Often used interchangeably, as in “rent stabilization” and “rent control,” these words do not and should not be made to mean the same thing. Moreover, making a careful distinction between these associated phrases reveals a meaningful difference in the goals and methods of what is being supported. While some parties to the debate benefit from obscuring these details, the public would be much better served with clearer language. Going forward, everyone deserves better signposts to grasp the policy options for rent regulations, weight the incentives of the different players in the rental market, and understand the implications of one policy design versus another.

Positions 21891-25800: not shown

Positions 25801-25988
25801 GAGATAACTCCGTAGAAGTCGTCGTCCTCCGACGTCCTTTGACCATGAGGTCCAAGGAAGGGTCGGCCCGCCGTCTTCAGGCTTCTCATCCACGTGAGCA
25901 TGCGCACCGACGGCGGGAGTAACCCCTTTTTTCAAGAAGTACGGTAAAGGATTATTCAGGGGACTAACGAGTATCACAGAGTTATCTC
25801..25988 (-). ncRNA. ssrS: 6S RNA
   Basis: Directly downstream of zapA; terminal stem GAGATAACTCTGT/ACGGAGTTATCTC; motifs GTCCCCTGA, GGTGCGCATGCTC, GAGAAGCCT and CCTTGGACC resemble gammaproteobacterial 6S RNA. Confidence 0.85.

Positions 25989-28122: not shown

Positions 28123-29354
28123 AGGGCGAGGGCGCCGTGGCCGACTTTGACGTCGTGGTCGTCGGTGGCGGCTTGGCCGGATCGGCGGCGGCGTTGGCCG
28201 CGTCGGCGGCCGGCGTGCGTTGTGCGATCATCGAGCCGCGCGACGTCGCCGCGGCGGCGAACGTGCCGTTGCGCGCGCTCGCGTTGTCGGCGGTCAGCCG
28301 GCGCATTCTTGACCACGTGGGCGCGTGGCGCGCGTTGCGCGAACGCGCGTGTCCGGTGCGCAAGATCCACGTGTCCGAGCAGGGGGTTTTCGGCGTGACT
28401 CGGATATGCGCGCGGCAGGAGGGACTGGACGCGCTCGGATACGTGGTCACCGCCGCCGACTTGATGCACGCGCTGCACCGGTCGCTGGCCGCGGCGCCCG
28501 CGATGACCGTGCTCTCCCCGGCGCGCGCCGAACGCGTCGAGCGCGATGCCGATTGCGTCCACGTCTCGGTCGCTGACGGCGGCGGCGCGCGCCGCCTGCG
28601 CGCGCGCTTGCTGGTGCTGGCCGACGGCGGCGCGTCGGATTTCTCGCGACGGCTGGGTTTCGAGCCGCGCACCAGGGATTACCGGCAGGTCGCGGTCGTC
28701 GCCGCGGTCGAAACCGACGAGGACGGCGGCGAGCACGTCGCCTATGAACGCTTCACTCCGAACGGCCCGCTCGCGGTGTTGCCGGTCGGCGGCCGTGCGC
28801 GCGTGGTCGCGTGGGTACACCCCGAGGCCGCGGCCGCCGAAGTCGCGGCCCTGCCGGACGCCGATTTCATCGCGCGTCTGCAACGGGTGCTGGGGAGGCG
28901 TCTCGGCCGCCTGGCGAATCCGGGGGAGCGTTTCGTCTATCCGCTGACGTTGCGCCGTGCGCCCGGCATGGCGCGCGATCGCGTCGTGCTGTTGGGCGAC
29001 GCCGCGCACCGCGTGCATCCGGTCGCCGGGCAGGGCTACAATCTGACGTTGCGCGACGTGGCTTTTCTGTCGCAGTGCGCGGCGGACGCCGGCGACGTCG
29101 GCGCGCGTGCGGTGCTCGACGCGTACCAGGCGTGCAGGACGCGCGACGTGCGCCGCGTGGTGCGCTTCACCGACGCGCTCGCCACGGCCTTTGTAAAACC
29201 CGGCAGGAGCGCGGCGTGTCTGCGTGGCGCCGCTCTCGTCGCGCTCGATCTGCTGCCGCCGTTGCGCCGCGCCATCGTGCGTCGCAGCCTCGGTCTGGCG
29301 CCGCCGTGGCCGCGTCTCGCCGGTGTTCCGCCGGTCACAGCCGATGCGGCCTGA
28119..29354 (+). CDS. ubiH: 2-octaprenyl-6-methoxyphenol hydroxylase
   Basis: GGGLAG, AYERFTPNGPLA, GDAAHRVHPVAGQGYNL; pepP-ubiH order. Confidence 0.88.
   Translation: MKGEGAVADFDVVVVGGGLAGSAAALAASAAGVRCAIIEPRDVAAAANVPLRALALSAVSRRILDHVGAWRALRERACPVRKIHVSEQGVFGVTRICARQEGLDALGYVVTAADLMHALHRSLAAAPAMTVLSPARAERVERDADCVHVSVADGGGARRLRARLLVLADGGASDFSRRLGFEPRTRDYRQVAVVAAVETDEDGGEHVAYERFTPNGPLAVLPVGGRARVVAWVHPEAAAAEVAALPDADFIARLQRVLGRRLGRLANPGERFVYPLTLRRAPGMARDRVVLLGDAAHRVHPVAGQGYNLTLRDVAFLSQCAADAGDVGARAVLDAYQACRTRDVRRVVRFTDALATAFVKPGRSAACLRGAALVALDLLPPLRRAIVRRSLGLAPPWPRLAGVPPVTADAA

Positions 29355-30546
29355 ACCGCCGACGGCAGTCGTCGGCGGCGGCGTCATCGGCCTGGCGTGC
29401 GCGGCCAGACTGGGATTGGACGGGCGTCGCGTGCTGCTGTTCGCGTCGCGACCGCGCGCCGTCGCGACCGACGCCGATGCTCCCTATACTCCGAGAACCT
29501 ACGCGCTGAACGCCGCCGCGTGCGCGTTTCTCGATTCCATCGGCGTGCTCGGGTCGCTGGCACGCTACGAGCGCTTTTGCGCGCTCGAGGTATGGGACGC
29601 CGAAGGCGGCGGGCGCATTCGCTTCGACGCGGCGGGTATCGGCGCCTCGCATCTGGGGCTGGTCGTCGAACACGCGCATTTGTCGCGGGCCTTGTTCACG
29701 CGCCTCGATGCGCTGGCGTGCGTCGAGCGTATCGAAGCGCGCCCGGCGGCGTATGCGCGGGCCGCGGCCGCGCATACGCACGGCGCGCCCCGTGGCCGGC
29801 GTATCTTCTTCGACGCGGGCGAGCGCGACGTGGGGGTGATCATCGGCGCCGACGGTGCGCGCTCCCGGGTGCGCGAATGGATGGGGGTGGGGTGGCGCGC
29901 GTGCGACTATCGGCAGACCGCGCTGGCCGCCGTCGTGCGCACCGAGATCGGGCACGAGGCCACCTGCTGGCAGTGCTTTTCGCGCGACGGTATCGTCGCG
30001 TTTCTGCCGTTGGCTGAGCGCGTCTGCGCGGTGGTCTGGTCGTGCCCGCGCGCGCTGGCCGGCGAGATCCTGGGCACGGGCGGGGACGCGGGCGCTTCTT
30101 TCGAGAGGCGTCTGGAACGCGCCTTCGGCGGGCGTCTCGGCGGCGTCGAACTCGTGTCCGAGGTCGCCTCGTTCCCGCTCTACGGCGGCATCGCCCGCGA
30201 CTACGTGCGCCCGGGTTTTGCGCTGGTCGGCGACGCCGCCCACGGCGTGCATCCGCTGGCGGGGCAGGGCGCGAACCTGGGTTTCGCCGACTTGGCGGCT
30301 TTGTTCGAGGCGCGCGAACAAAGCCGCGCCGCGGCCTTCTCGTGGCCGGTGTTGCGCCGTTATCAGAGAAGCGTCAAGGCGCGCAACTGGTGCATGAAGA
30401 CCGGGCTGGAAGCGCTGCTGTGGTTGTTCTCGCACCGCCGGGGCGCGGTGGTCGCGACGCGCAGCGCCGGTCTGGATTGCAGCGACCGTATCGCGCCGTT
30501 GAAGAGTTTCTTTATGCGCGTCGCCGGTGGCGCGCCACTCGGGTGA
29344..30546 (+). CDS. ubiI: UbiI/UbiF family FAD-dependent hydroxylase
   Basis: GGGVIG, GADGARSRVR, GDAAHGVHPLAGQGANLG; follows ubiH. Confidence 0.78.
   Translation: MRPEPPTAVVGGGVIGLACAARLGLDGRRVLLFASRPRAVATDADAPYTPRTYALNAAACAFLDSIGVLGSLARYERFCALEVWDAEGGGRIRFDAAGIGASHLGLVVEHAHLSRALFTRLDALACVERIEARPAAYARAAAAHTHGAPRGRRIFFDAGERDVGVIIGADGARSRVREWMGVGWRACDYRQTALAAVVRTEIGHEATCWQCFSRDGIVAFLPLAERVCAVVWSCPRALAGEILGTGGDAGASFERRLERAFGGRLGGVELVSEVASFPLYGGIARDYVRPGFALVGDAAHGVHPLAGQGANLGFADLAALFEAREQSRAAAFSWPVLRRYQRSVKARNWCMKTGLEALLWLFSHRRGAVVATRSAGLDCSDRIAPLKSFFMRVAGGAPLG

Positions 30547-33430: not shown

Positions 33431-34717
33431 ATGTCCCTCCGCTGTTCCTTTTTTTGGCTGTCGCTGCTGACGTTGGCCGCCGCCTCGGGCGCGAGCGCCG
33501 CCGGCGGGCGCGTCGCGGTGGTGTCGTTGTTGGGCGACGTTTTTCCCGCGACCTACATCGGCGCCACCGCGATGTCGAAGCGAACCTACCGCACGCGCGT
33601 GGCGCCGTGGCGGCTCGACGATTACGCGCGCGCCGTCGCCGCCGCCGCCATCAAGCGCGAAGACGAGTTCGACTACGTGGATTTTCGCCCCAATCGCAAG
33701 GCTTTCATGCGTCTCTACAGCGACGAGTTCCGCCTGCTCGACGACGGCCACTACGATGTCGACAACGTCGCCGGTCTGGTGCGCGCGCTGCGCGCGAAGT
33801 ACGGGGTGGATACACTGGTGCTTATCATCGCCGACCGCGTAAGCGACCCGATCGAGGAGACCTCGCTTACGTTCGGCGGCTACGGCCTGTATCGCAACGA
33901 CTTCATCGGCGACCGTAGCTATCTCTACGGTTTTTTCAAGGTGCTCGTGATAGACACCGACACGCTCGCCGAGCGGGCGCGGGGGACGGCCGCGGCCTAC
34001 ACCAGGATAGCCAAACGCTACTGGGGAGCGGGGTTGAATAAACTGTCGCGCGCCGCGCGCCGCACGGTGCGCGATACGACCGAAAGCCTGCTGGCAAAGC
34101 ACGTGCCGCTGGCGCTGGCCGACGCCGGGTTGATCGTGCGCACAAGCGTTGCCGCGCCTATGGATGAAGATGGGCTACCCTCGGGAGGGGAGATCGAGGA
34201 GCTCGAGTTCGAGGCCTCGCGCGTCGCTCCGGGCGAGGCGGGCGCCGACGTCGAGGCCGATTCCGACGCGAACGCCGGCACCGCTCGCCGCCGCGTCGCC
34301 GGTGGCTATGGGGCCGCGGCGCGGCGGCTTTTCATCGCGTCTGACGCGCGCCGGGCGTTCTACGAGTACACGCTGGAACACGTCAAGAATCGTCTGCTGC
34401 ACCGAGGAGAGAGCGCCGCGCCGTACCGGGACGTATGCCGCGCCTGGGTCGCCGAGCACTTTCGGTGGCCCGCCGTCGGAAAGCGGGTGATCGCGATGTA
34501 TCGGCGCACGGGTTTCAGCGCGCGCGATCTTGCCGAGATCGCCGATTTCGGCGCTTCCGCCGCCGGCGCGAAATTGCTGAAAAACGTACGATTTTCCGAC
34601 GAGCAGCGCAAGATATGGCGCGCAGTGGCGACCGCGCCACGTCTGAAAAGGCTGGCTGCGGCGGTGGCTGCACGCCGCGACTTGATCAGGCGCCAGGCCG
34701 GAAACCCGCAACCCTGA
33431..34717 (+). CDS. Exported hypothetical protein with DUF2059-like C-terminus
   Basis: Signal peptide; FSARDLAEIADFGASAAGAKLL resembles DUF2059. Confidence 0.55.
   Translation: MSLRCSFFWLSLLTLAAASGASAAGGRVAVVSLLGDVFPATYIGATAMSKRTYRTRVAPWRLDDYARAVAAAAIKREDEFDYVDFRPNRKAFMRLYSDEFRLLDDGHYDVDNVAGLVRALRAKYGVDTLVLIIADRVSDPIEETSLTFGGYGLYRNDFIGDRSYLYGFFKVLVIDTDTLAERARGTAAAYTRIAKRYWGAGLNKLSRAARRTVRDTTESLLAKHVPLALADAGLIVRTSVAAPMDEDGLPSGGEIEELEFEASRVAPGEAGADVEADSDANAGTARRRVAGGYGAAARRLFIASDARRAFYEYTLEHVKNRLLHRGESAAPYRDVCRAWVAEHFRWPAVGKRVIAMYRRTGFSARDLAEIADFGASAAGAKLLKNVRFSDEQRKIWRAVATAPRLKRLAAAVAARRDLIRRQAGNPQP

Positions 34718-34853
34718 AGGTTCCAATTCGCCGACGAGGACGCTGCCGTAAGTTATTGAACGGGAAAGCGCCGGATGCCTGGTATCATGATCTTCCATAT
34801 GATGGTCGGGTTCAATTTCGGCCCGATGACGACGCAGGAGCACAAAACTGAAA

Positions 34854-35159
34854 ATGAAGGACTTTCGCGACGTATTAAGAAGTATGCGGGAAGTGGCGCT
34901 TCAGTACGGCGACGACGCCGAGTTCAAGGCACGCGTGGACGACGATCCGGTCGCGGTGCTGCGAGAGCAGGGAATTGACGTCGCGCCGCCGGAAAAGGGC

What Is the Rent Regulation Policy Trying to Do?

When advocating for any given policy, it’s essential to have a clear idea of what the policy is attempting to achieve. When it comes to rent regulation, consider two possible goals:

  1. A city wants to pass a policy that will make it easier for existing tenants to remain in housing if they so choose by restricting the amount that the rent can go up in any given year.
  2. A city wants to pass a policy that will make it easier for all renters to find or remain in housing that they can afford by restricting the amount that the rent can go up in any given year.

In both cases, the mechanism is to restrict rent increases. But the details differ as to which rents are restricted; this stems from a difference in whom each policy aims to help. Goal #1 aims to stabilize the rental experience of existing tenants. Goal #2 aims to control rents for all tenants.